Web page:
The headline of the New York Times issue dates August 8, 1982, read: MYSTERY ILLNESS AFFLICTS HOMOSEXUAL MEN, DEATH RATE NOW 40%. The tag “mystery disease” did not last very long.
Some laboratory monkeys in the US which spontaneously developed a disease similar to acquired immune deficiency syndrome (AIDS) have provided the strongest evidence yet that AIDS is caused by a virus.
Two years ago, many of Haiti’s low-paid workers were still building and staffing new luxury hotels and nightclubs, evidence of the widening circle of Americans drawn to the conviviality, art and grace of the local people. But since the middle of 1982, when American authorities linked Haiti with AIDS, the tourist industry has collapsed.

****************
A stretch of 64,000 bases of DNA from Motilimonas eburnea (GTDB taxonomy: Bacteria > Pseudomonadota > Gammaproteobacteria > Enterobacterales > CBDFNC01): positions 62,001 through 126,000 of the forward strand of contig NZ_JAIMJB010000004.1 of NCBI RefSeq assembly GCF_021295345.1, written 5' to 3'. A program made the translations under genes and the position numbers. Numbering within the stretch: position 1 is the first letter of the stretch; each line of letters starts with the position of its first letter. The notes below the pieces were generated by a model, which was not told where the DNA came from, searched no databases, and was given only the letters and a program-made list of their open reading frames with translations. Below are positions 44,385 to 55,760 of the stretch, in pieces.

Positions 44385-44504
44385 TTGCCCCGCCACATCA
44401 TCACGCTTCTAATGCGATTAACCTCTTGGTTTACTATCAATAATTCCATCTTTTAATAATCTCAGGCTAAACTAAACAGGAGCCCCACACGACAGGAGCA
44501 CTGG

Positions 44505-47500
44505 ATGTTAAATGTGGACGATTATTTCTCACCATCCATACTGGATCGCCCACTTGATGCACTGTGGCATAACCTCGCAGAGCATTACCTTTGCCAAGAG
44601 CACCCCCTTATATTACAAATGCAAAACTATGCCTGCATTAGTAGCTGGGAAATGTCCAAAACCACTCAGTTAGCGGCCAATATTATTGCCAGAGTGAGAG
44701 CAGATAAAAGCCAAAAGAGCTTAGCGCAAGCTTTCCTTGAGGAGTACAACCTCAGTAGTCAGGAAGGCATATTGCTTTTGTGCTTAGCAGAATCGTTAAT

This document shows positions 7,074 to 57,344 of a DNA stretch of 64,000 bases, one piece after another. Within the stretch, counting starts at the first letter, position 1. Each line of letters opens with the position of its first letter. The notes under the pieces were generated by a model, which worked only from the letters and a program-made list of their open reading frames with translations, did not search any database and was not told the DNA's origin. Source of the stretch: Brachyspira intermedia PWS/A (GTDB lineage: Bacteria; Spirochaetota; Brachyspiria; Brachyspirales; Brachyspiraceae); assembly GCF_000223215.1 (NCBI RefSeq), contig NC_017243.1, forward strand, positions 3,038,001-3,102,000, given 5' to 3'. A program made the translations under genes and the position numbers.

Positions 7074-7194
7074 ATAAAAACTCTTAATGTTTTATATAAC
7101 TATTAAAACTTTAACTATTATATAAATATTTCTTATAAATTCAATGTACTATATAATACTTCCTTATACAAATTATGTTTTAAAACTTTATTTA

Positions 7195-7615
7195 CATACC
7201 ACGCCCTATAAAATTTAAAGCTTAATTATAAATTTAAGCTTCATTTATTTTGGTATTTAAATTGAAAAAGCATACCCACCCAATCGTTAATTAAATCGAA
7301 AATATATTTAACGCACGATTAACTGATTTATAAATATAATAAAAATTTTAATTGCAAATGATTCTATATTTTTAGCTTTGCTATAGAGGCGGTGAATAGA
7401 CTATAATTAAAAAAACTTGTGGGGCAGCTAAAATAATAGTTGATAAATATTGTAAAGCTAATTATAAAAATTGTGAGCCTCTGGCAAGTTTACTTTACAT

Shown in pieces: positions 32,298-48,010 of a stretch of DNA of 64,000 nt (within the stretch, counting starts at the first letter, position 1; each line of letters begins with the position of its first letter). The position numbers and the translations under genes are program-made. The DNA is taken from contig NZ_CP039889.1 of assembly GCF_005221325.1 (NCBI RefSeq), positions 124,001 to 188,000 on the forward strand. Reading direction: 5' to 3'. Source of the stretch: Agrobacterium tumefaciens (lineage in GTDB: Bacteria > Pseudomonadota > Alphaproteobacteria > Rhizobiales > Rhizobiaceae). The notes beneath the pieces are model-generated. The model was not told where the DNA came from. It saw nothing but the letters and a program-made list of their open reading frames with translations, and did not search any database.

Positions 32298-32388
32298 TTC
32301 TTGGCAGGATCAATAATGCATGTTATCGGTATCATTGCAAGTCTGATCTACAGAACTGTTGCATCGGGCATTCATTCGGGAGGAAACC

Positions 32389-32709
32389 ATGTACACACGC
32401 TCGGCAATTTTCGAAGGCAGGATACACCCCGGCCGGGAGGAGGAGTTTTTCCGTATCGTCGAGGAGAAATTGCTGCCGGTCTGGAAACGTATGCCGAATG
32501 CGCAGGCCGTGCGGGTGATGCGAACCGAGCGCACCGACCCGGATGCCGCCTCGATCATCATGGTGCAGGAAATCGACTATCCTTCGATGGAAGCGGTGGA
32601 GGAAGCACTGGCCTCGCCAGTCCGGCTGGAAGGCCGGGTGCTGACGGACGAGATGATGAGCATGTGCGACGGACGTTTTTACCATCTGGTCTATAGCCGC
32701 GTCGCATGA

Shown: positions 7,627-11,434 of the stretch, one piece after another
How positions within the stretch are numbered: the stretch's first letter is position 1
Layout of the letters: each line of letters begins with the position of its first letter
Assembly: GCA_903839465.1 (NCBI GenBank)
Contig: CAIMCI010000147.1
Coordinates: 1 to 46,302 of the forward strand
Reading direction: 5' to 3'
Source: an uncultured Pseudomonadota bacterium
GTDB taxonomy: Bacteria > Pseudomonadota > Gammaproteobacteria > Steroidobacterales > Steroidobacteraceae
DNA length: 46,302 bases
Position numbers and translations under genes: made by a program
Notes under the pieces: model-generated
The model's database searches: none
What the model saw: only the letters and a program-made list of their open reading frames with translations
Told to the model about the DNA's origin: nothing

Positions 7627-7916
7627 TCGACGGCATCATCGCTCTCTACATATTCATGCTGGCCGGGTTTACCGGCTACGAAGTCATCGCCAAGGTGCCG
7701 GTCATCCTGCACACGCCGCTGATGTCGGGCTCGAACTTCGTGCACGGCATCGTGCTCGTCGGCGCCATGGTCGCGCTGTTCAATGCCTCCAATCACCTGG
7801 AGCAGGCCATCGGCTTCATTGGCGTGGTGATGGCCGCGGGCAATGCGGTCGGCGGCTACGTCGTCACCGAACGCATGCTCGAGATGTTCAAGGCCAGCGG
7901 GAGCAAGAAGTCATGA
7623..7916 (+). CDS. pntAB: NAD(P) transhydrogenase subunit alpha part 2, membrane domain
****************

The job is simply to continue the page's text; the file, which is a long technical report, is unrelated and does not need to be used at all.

The one fact that is clear about AIDS is that few people know much about it. Research into the disease has been haphazard. And it’s not just the public that is scared – AIDS has the medical profession pretty frightened, too.
Everything about AIDS looks as though it is contagious. Scientists think it is passed by…
Gay health workers from all over the US gathered in Denver in June for the Fifth National Lesbian/Gay Health Conference. Proceedings this year were dominated by the controversy surrounding AIDS and the challenge the disease presents to the American gay community.
Plans to co-ordinate research into the Acquired Immune Deficiency Syndrome (AIDS) on a national scale will be formulated in Perth by Australia’s leading immunologists. Their meeting to discuss these plans will be held on Saturday and will be followed by a public meeting on Sunday, at which an announcement about the research is expected.
Scientists are about to start human tests of a potential AIDS treatment called interleukin-2. To date there have been 1737 confirmed cases of AIDS worldwide, and 678 deaths.